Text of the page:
Scanning electron microscopy of corrosion casts is an important tool for the study of microvascular structure but few systematic studies on methods of specimen preparation have been reported. This study sought to determine the relative importance of factors involved in corrosion. It compared potassium hydroxide, sodium hydroxide and water as major corrosive agents. It tested the size of the tissue sample, and the use of prealkali autolysis, detergent, and proteolytic enzymes in a Latin square designed study. The main findings were that sodium and potassium hydroxide were better than water (P < 0.0001) and the longer the corrosion time the better corroded the samples were (P < 0.0001 ). Although not a controlled factor, higher room temperature was also associated with better corrosion. The use of proteolytic enzymes, detergent, and warm tap water alone before the alkali treatment did not significantly improve the corrosion in this study, although this does not preclude an effect with another experimental design.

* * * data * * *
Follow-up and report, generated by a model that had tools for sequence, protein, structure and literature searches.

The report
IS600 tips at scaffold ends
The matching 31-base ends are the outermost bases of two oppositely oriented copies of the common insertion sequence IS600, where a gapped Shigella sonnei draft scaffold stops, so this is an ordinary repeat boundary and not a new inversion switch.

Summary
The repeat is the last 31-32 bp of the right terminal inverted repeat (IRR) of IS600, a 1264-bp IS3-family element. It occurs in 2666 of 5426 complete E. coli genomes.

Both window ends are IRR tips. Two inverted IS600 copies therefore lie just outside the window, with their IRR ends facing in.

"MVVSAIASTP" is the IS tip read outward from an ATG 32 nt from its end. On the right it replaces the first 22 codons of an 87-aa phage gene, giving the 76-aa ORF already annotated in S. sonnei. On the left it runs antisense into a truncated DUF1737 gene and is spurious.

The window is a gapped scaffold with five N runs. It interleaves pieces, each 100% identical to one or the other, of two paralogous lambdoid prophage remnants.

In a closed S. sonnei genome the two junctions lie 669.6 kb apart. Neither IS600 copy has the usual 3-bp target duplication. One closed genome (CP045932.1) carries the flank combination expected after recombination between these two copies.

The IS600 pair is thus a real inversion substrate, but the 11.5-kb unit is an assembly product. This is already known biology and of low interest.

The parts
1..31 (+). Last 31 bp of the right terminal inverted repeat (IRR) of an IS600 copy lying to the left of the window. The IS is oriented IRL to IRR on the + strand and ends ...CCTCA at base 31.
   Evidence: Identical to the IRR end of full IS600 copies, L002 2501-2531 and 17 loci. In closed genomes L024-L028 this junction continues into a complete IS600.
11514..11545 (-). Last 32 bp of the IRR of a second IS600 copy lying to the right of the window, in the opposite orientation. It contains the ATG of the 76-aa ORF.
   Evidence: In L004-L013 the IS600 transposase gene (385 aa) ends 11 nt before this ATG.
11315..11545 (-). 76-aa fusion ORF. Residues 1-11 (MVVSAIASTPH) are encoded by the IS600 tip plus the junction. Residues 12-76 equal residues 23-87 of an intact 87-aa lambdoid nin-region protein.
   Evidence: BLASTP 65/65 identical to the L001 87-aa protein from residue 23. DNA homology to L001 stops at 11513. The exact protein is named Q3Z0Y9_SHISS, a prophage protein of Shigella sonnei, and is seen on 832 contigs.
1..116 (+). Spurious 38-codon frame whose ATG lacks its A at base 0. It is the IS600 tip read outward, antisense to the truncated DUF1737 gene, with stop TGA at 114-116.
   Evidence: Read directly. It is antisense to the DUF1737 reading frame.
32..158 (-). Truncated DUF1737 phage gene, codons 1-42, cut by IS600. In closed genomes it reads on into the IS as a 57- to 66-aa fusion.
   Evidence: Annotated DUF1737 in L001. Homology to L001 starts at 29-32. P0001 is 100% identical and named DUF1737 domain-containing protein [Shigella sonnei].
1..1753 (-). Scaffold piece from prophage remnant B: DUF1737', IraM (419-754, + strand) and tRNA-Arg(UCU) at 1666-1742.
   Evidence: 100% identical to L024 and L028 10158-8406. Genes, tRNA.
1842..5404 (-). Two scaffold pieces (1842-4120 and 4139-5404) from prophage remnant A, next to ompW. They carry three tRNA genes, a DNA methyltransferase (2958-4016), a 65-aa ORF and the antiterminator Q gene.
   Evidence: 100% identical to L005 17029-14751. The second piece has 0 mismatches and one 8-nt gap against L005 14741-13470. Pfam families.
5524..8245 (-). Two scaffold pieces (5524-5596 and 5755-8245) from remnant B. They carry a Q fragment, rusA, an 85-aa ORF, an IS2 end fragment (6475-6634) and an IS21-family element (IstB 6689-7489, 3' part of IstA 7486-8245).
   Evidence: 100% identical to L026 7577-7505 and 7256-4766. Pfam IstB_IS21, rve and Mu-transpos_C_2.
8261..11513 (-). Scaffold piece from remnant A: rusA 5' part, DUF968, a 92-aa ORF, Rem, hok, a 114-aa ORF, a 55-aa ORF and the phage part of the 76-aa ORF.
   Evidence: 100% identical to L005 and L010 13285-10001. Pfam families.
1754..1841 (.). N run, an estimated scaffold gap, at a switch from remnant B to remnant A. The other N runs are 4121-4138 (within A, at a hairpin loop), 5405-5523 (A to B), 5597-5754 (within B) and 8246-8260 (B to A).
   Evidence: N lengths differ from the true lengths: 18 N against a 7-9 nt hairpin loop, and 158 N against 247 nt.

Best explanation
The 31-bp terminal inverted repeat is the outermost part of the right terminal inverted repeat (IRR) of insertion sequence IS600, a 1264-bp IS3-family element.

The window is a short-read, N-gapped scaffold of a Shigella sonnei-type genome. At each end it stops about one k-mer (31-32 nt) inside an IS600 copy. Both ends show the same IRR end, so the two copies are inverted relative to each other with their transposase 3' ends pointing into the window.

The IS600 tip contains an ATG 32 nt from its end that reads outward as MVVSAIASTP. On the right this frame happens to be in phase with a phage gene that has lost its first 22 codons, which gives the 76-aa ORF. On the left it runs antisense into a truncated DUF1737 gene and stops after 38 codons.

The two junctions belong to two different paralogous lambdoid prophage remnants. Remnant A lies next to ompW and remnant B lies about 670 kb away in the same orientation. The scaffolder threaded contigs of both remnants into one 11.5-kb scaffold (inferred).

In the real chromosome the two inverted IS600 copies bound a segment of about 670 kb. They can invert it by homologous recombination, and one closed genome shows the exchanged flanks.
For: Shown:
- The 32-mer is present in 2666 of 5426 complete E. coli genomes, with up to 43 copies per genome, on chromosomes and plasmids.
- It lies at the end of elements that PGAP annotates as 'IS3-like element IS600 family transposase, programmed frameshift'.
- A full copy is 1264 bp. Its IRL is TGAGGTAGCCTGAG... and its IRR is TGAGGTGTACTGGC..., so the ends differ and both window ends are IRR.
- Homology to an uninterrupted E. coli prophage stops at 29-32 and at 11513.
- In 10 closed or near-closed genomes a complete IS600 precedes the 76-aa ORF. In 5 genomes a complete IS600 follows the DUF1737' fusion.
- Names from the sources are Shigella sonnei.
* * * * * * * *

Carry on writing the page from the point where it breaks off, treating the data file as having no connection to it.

Schraufnagel, Dean E.
"Ranking Corrosion Efficiency: A Latin Square Study on Rat Lung Microvascular Corrosion Casts,"
Scanning Microscopy: Vol. 3
, Article 31.
Available at: https://digitalcommons.usu.edu/microscopy/vol3/iss1/31